Q & A with Lucia Acosta-Castillejo from Monroe County Medical Society

New executive director reflects on the 200th anniversary of Monroe County Medical Society; discusses challenges that lie ahead

By Mike Costanza


Since it was formed in Rochester on May 9, 1821, the Monroe County Medical Society has grown into a nonprofit that serves 1,275 physicians in Monroe and six other counties, along with their practice staff and patients. Lucia Acosta-Castillejo, MS, who became the medical society’s executive director in November, spoke to In Good Health about the organization’s goals, and the challenges it faces as it celebrates its 200th anniversary.

Q. What is the Monroe County Medical Society’s mission?

A. To unite to consider and act on matters affecting the practice of medicine, to extend medical knowledge, and to enlighten the public in the best interest of the health of the people of Monroe and surrounding counties. We also offer significant advocacy at the local and state levels for its physician-membership. Additionally, we provide support to physicians’ practices and education for physicians and their practice staff.

Q. What challenges did the coronavirus pandemic present for the Monroe County Medical Society when the virus hit the Rochester area?

A. I would say that the biggest issue initially was the shock of the global pandemic and its effects on our society and the membership we serve, who are physicians, practice staff, the community and patients. Not much was known about [coronavirus], and I think the fact that this all happened so quickly, and everything was shut down, really left people feeling kind of alone and isolated.

Q. Were there other challenges, as well?

A. There was no vaccine. There were healthcare disparities amongst different ethnic groups. There was absolutely a shortage of PPE (personal protective equipment) at that time back in March.

Q. How did the Monroe County Medical Society respond to those problems?

A. The challenge of the pandemic was, and continues to be to some extent, that things were changing on a frequent basis, sometimes at an hourly basis. The Monroe County Medical Society’s response to that was keeping our physician-membership, our constituents informed. The previous executive director [Christopher Bell] was sending out regular daily emails to our constituents as he got information, and was very much involved at the local level to stay on top of things. The other thing that Chris and the medical society did to keep our membership up to date was host several webinars to ensure that [members are] up to date on a variety of critical topics. There were both clinical and business-related webinars that were held to address areas such as medicine and telehealth. Because of the pandemic, telehealth services just skyrocketed.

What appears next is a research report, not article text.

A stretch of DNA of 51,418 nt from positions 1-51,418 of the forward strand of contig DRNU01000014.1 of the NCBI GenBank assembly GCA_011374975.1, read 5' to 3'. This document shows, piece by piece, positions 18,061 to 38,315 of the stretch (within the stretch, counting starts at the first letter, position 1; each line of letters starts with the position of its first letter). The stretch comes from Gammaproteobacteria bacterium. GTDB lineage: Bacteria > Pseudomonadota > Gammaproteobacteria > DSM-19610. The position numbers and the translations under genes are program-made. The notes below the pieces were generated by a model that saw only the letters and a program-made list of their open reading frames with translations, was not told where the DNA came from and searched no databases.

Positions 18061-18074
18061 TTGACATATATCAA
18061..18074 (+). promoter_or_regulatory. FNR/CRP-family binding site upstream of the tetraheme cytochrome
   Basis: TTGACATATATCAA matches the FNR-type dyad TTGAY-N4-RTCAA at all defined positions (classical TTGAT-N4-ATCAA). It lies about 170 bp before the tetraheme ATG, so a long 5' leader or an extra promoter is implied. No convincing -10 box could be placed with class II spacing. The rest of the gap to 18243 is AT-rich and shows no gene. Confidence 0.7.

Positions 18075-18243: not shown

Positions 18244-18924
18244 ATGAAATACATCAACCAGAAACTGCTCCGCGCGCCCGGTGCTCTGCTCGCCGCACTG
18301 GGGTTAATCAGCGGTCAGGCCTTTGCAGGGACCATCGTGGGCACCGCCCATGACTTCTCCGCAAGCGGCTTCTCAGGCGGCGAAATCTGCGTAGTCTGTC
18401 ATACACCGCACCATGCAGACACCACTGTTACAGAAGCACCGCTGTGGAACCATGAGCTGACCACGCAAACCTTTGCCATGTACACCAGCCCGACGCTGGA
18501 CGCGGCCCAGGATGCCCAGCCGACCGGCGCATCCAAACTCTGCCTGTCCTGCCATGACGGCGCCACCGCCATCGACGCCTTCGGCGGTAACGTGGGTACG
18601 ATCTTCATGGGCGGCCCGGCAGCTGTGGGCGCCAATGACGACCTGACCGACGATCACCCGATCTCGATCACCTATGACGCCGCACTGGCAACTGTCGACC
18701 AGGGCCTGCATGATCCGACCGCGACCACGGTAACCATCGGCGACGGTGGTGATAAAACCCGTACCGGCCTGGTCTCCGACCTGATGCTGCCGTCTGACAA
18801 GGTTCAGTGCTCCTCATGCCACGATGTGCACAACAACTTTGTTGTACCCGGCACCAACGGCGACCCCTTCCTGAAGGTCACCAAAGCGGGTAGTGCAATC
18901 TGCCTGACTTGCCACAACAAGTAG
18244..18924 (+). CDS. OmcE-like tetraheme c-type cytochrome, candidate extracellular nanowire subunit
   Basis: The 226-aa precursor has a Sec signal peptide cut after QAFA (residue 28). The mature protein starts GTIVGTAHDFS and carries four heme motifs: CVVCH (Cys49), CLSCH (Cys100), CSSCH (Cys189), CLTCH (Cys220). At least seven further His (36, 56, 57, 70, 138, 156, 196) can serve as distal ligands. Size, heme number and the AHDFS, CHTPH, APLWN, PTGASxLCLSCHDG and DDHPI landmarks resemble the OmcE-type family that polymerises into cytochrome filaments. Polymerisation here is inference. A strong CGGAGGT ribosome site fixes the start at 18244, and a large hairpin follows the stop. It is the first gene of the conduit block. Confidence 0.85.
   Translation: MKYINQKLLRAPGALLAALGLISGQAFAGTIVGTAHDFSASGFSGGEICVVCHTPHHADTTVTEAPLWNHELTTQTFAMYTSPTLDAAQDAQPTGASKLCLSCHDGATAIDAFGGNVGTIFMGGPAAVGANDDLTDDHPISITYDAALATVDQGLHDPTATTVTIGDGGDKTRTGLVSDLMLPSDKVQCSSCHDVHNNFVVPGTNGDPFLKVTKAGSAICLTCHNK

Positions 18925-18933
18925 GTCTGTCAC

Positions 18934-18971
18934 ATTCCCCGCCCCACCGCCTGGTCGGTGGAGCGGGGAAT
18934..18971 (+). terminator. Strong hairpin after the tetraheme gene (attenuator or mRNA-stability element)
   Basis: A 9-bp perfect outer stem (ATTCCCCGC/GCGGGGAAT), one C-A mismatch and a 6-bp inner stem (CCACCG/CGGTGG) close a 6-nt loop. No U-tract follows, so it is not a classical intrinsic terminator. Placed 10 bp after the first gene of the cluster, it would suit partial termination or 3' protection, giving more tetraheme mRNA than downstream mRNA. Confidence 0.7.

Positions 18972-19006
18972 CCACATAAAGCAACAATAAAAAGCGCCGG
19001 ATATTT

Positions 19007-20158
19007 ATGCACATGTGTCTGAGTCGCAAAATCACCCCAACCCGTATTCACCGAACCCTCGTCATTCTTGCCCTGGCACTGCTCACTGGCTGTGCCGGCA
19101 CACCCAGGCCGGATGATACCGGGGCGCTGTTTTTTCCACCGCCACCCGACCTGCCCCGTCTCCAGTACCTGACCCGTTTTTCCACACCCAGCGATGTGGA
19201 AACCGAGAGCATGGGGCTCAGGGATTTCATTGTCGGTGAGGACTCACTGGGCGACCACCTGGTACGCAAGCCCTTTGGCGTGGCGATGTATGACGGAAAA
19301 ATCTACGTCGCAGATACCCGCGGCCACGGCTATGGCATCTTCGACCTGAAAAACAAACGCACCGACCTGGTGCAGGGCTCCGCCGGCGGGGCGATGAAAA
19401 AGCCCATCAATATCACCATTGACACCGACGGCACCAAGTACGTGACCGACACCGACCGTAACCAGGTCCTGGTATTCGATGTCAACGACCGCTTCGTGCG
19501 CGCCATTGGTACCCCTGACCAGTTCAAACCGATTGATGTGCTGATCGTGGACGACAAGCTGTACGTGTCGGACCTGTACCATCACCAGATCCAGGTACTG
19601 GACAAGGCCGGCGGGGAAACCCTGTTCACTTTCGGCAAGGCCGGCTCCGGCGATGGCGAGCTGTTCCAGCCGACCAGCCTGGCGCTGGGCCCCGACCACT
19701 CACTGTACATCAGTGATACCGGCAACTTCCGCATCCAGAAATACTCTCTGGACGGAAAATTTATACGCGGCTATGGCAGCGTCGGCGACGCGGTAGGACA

Q. What about the shortages of PPEs and other critical equipment that medical practitioners and their staff’s need to stay safe from the virus while treating patients?

A. As far as the PPE shortage, I know that [Bell] worked with the community and with the staff to distribute more than 8,500 disposable masks, over 700 N95 masks, 1,200 face shields and whatever additional protective equipment to physicans that was requested. In some cases, the society bought them. It also worked quite aggressively with some other organizations, such as Face Shields Roc. That’s a group of more than 50 volunteers who provided more than 20,000 face shields to health care providers. Most, if not all, practitioners and physicians now have a supply of PPE.

Q. What kinds of measures does the medical society take now to help its members stay informed about coronavirus and its treatment?

A. We’ve been working quite intimately with the Monroe County Department of Health and with the University of Rochester Medical Center, which has been designated the Finger Lakes COVID-19 vaccine hub. I also sit on the Finger Lakes COVID-19 vaccine task force. I see myself as the voice and the advocate for all of our medical society constituents, and a particularly strong voice for our private doctors.

Q. Three vaccines have been approved for emergency use against the coronavirus, but there are still not enough doses to meet US needs. How is the medical society assisting physicians who can’t obtain vaccines?

A. I’m really staying on top of relaying the information about vaccine clinics, and making sure that I’m disseminating that information to our constituents. I have also partnered with other organizations that are trying to push out the vaccine, and I’m able to provide that information to our membership and refer people over to their vaccine clinic. The medical society is not a practice—we don’t do vaccinations here.

Q. Has the medical society been providing vaccination site information to private citizens, as well?

A. The medical society is open to receiving calls from the community, and referring people to vaccine clinics.

Q. How do the physicians you serve feel about the vaccine shortfall?

A. Definitely doctors are feeling frustrated, and I’m talking probably more so on behalf of the private doctors. Private physicians who have registered to be vaccinators are waiting for a supply of vaccine, and yet the governor has not assigned any vaccines to private practitioners. That’s the part that is particularly frustrating. Those that are affiliated with one of the health systems are receiving the vaccine.

Q. What challenges face the Monroe County Medical Society in the coming months and years?

A. Number one is continuing to work with community leaders and organizations like the county and the health systems to ensure that the majority of our population has access to a vaccine. Beyond that, it’s to get to a place where there’s a sense of normalcy in the community again and people feel safe to go out without masks to dinner with their families, or just to have fun.

For more information on the Monroe County Medical Society, go to: https://mcms.org